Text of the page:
Caliber 2007

Crankshaft Position Sensor

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Operation



The Powertrain Control Module (PCM) sends approximately 5 volts to the Hall-effect sensor. This voltage is required to operate the Hall-effect chip and the electronics inside the sensor. A ground for the sensor is provided through the sensor return circuit. The input to the PCM occurs on a 5 volt output reference circuit that operates as follows: The Hall-effect sensor contains a powerful magnet. As the magnetic field passes over the dense portion of the counterweight, the 5-volt signal is pulled to ground (0.3 volts) through a transistor in the sensor. When the magnetic field passes over the notches in the crankshaft counterweight, the magnetic field turns off the transistor in the sensor, causing the PCM to register the 5-volt signal. The PCM identifies crankshaft position by registering the change from 5 to 0 volts, as signaled from the Crankshaft Position sensor.

Removal & Installation



  1. Disconnect the negative battery cable.
  2.  
  3. Raise and safely support the vehicle.
  4.  
  5. If the vehicle is equipped with all wheel drive, the transfer case must be removed. For additional information, refer to Transfer Case, Removal & Installation.
  6.  
  7. Remove the heat shield retaining bolt and remove the heat shield.
  8.  
  9. Unlock and disconnect the crankshaft position (CKP) sensor electrical connector.
  10.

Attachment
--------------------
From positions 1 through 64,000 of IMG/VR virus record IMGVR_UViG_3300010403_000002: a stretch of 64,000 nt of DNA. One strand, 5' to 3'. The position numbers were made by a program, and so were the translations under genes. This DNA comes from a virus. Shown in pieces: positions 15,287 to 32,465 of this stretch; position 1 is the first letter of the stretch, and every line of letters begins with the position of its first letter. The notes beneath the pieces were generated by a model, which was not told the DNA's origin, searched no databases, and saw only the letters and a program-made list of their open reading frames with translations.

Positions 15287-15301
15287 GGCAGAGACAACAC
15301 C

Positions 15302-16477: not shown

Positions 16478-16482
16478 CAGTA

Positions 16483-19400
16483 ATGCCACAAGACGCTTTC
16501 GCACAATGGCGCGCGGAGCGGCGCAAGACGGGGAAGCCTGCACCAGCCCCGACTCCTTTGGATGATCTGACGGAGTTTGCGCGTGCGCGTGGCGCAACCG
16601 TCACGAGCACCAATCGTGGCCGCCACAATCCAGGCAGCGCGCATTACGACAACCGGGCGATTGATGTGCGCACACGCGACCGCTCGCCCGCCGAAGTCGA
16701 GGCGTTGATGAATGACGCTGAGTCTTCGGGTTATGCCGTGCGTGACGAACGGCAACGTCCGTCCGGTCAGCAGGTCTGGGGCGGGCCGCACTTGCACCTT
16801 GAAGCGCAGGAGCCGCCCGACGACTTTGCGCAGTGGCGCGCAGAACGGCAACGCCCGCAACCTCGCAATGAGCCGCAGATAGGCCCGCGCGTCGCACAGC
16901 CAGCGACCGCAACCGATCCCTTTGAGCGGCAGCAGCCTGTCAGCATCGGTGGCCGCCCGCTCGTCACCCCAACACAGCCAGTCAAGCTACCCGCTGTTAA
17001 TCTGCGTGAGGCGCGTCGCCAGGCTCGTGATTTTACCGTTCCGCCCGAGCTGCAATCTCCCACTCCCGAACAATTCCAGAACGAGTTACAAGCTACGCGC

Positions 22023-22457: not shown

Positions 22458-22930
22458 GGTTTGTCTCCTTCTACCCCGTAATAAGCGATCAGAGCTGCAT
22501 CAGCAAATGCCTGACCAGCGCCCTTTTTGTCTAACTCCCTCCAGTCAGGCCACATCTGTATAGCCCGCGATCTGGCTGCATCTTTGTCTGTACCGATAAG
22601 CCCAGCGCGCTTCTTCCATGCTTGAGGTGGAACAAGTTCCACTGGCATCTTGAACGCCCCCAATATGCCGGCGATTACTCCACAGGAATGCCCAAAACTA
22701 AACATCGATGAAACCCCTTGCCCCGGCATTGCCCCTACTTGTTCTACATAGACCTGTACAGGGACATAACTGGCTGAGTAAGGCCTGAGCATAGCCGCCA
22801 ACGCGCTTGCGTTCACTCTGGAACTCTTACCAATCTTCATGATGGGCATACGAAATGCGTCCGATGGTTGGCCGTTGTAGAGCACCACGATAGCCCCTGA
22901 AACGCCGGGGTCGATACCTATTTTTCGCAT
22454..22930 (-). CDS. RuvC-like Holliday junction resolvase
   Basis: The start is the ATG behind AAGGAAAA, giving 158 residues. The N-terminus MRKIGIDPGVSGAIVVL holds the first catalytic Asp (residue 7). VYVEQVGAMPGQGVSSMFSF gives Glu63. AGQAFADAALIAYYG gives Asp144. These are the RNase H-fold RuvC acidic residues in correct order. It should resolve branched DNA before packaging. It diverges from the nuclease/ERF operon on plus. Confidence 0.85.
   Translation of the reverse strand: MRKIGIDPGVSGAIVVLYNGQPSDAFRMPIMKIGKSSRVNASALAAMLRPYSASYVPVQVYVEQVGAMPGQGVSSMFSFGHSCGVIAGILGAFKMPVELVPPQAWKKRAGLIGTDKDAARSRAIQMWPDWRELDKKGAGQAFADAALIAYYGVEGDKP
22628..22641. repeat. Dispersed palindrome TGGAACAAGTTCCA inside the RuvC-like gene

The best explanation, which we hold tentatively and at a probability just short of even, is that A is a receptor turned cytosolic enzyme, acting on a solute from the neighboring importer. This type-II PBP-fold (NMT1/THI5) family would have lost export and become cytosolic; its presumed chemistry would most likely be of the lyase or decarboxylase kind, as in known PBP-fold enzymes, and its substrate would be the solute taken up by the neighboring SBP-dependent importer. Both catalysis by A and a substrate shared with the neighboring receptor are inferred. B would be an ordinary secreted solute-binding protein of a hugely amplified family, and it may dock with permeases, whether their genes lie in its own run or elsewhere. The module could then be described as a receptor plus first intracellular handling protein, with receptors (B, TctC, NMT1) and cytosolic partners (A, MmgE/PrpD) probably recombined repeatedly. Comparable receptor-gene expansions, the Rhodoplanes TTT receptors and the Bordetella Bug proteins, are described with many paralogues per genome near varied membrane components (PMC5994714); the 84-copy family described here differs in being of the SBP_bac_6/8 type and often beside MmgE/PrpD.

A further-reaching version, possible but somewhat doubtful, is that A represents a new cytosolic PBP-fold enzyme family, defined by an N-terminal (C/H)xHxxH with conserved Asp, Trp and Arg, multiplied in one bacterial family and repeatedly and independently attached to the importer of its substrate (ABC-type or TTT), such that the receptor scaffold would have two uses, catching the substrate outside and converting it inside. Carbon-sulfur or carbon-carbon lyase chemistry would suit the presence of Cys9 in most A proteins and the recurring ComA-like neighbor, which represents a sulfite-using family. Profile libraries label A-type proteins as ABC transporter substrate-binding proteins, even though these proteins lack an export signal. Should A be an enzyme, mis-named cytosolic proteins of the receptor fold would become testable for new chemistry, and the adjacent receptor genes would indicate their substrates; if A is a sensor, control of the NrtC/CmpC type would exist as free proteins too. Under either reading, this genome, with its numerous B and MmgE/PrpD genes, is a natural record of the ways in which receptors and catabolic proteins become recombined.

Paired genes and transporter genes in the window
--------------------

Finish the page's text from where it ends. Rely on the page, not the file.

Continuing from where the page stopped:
11. Remove the CKP sensor bolt and remove the sensor.
  12.  

To install:

  1. Lubricate the CKP sensor O-ring with clean engine oil.
  2.  
  3. Install the CKP sensor using a twisting motion. Make sure the sensor is fully seated.
    WARNING
    Do not drive the senor into the bore with the mounting screws.

  4.  
  5. Tighten the mounting bolt to 80 inch lbs. (9 Nm).
  6.  
  7. Install the heat shield and tighten the retaining bolt.
  8.  
  9. If the vehicle is equipped with all wheel drive, install the transfer case.
  10.  
  11. Lower the vehicle.
  12.  
  13. Connect the negative battery cable.
  14.  

Testing



  1. Using a diagnostic scan tool, check for the presence of any Diagnostic Trouble Codes (DTCs). Record and address these codes as necessary.
  2.  
  3. If no codes are present, review the scan tool environmental data. If possible, try to duplicate the conditions under which the DTC set.
  4.  
  5. If applicable, actuate the component with the scan tool.
  6.  
  7. Monitor the scan tool data relative to this circuit and wiggle test the wiring and connectors.
  8.  
  9. Look for the data to change, the actuation to be interrupted, or for the DTC to reset during the wiggle test.
  10.  
  11. Refer to any Technical Service Bulletins (TSBs) that may apply.
  12.  
  13. Turn the ignition off.
  14.  
  15. Visually inspect the related wire harness. Disconnect all the related harness connectors. Look for any chafed, pierced, pinched, partially broken wires and broken, bent, pushed out, or corroded terminals.
  16.  
  17. Perform a voltage drop test on the related circuits between the suspected component and the Powertrain Control Module (PCM).
  18.  
  19. Inspect and clean all PCM, engine, and chassis grounds that are related to the most current DTC.
  20.  
  21. If numerous trouble codes were set, use a schematic and inspect any common ground or supply circuits.
  22.  
  23. For intermittent Misfire DTCs check for restrictions in the Intake and Exhaust system, proper installation of Sensors, vacuum leaks, and binding components that are run by the accessory drive belt.
  24.  
  25. Use the scan tool to perform a System Test if one applies to the component.
  26.  
  27. A co-pilot, data recorder, and/or lab scope should be used to help diagnose intermittent conditions.
  28.  

 
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